For nearly 30 years, MicheLee Puppets has championed the empowerment of children and youth to make positive choices that will lead to happy, healthy, and productive lives. That is why we have joined organizations and individuals across the country to promote science, technology, engineering, and math (STEM) education and careers.
The demand for workers in science, technology, engineering and math is critically linked to global competitiveness. The National Science Foundation states:
“In the 21st century, scientific and technological innovations have become increasingly important as we face the benefits and challenges of both globalization and a knowledge-based economy. To succeed in this new information-based and highly technological society, all students need to develop their capabilities in science, technology, engineering, and mathematics (STEM) to levels much beyond what was considered acceptable in the past.”
Sadly, there are not enough young people pursuing STEM related careers. In fact, studies show students begin to lose interest in math and science during the middle school years. Girls face special challenges in pursuing math and science careers.
While high school girls are taking many high level math and science courses at about the same rate as boys, there remains achievement gaps for minority and low income students (NSF, Science & Engineering Indicators, 2012). Gender disparities begin to occur for college undergraduates where women receive only 18.2% of the bachelor’s degrees in computer science, 19.2% in engineering, 19.1% in physics, and 43.1% in math and statistics (NSF, Women, Minorities, and Persons with Disabilities in Science and Engineering, 2015).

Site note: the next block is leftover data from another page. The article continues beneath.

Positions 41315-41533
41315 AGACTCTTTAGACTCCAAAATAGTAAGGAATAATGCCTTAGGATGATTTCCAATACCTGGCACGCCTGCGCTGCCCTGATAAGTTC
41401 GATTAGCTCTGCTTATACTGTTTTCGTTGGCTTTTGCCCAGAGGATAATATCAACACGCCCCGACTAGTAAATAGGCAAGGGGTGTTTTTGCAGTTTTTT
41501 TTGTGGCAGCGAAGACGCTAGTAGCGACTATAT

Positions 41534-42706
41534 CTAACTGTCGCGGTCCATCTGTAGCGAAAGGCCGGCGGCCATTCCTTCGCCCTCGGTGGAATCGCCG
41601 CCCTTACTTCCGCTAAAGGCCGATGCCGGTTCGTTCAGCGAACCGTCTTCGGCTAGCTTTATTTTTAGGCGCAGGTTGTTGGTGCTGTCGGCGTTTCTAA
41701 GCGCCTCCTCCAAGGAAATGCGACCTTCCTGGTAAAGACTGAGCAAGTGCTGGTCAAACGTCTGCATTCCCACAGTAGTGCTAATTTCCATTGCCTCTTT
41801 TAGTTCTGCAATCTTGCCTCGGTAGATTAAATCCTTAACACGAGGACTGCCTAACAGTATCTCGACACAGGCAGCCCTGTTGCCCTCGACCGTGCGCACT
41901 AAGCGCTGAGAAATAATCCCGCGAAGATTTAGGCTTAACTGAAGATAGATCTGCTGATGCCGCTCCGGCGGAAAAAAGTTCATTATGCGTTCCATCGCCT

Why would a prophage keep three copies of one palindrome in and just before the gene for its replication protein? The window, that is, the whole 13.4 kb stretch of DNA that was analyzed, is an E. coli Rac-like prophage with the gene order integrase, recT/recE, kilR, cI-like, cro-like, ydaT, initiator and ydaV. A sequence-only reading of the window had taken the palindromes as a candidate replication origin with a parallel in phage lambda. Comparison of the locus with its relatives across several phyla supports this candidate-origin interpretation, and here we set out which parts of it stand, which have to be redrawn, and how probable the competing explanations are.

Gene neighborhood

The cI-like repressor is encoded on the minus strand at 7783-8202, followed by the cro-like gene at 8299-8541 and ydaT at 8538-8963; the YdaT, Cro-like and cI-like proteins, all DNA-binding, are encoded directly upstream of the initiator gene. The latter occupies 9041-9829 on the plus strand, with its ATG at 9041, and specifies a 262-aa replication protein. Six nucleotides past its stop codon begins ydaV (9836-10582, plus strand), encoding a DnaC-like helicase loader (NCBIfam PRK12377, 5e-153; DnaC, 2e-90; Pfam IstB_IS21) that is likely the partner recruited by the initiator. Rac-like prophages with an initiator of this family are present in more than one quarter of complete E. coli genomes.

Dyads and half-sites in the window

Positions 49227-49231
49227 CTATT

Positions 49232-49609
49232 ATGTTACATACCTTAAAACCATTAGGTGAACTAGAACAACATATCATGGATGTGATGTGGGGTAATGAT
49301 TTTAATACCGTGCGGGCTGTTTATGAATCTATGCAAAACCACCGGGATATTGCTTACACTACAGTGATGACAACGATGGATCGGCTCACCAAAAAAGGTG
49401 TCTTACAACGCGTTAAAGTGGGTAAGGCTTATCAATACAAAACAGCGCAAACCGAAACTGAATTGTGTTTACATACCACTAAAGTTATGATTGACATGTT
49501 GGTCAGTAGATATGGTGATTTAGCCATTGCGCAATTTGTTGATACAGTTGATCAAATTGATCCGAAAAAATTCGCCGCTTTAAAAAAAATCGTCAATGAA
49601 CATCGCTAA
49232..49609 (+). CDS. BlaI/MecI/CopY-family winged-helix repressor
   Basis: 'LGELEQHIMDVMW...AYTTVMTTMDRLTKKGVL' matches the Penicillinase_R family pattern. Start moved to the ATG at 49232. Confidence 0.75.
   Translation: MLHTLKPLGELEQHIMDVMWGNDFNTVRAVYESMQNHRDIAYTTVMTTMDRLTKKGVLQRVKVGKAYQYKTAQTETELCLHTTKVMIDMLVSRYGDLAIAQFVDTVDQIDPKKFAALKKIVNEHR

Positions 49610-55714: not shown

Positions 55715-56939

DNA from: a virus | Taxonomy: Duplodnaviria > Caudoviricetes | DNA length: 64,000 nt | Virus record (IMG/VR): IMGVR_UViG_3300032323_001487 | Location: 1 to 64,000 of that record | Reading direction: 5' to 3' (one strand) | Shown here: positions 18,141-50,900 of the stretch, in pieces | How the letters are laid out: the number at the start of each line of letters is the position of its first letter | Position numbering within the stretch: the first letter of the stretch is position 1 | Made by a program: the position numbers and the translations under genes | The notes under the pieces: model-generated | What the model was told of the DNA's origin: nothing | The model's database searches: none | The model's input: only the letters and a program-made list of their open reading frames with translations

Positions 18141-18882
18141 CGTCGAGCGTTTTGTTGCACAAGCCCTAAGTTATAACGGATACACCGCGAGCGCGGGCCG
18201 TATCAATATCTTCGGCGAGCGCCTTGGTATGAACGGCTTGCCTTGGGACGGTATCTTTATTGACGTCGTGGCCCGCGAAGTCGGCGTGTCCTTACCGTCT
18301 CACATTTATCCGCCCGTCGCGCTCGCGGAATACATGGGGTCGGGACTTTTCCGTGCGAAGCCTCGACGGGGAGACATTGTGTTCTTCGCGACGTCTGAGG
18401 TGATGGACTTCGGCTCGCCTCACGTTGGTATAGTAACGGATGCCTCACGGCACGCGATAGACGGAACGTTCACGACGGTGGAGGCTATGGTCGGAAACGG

By the time women reach the workforce, they represent 39% of chemists and material scientists, 27.9% of environmental scientists and geoscientists, 15.6% of chemical engineers, 8.3% of electrical and electronics engineers, and 7.2% of mechanical engineers.
What can we do? Here are recommendations from Preparing Students for STEM Careers by Angela Traurig and Rich Feller:
1. Connect students with role models in STEM fields, especially women and ethnic minorities.
2. Students are often motivated to learn if they understand the real world applications of what they are learning. Connect students with career and technical education programs to promote STEM in real-life applications.